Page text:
Some retailers are shifting their marketing efforts from an "Attention shoppers!" approach to one that sounds more like "Hey, Joe! We know what shirts you like, and they're 10 per cent off today". Using data warehouses, retailers are looking to establish relationships with individual customers, rather than launching broad promotions to many people.
The ultimate goal that retailers are approaching in their stores is the one-to-one personalisation that's already achievable on the Web, said analyst Donald Bellomy at the Aberdeen Group.
Quality Stores, a Michigan chain of 350 farm and garden stores, was able to increase the average spending of respondents to an experimental Mother's Day promotion by 47.4 per cent, said sales director Helm Kraus. The store sent out custom newsletters that offered discounts on certain items, like benches, that Kraus' team thought would complement items each customer had bought in the past, like garden supplies.
The company has only begun to mine its 10-year, 200,000-customer purchasing data in a Retail Target Marketing Systems Archer database. The database can help manage campaigns and includes reports down to the individual transaction level. But like most retailers, the company had devoted its energies to finding new customers, not increasing sales to existing ones, Kraus said.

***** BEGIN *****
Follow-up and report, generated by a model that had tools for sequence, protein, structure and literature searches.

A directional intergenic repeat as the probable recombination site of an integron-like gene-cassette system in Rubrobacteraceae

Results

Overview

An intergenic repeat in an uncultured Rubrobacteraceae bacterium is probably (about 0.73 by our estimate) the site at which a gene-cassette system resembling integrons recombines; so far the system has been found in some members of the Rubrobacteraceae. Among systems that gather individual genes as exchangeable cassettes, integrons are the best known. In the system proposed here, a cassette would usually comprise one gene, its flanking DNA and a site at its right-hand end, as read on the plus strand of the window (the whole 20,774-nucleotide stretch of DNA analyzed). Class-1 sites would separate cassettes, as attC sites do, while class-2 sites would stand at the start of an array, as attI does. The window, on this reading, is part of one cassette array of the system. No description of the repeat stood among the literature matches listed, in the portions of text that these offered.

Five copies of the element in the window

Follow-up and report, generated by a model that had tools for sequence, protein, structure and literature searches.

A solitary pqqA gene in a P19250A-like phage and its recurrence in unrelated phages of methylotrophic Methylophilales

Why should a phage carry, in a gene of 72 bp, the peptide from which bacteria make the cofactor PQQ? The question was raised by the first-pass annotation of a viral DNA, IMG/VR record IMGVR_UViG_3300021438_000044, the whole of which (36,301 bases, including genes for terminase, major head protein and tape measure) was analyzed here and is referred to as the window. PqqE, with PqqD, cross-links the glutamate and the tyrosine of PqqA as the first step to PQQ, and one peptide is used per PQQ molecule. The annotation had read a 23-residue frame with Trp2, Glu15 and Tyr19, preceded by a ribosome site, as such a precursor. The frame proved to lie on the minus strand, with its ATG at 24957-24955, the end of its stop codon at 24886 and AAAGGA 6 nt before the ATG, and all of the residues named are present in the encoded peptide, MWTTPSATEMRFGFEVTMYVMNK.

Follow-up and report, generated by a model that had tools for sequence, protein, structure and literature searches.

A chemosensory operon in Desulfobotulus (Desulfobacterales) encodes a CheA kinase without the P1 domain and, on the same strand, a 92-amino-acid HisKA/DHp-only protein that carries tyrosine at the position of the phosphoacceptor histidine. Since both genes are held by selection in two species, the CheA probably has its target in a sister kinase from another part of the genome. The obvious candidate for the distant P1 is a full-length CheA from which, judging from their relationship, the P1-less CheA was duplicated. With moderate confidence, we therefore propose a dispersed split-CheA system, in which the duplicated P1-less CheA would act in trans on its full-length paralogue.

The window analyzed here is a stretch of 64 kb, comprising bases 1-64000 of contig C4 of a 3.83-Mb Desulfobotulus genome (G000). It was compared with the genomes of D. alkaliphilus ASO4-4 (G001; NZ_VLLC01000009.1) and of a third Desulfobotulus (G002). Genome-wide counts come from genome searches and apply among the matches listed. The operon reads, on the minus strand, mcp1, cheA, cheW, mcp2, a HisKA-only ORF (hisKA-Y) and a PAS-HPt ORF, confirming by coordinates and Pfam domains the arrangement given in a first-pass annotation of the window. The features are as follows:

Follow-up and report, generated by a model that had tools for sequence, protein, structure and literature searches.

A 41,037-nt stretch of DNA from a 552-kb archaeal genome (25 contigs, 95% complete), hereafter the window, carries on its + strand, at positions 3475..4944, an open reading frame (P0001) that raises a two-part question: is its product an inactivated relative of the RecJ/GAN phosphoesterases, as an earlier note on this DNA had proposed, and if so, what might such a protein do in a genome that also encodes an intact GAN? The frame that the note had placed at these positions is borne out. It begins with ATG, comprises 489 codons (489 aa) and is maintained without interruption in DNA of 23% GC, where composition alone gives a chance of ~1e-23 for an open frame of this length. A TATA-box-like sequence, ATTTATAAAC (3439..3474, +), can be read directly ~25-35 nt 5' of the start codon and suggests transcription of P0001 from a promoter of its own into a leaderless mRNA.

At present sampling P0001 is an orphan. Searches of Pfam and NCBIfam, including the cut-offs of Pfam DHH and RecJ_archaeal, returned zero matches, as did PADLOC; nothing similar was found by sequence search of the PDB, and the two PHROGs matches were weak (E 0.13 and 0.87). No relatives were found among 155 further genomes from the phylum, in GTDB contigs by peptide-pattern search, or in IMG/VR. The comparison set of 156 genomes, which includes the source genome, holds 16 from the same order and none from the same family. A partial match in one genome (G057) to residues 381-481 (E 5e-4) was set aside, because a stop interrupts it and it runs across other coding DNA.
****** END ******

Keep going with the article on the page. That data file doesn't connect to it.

Because the cost of acquiring a new customer is about 10 times the cost of catering to an existing one, retailers can win big by focusing on their star shoppers, Bellomy said.
Smart and Final, a $1.6 billion wholesale grocery chain based in California, is testing the idea of offering specialised pricing to its 1.5 million card-holding customers.
The company would offer caterers a discount on napkins or janitors a discount on floor wax, said store systems director Bob Graham. The system will be built on top of database and checkout systems provided by NCR.
Just For Feet, a $775 million sneaker retailer based in Alabama, is also jumping into the game. CIO David Meany said the company plans to buy detailed demographic data about its customers so that it can match product data and customer purchasing histories with vital sneaker-related statistics such as whether households have kids who play sports.
The data from Integrated Marketing Solutions in Nashville and the Corema targeted marketing software from London-based ICL will power targeted mailings from a 2.5TB warehouse that will offer consumers deals on products they might want and "make them feel like they are unique when they come into the store", Meany said.
To Graham, fine-grained marketing is the way of the future: "The companies that don't embrace the new way of thinking will be in trouble. There is only so much market share out there."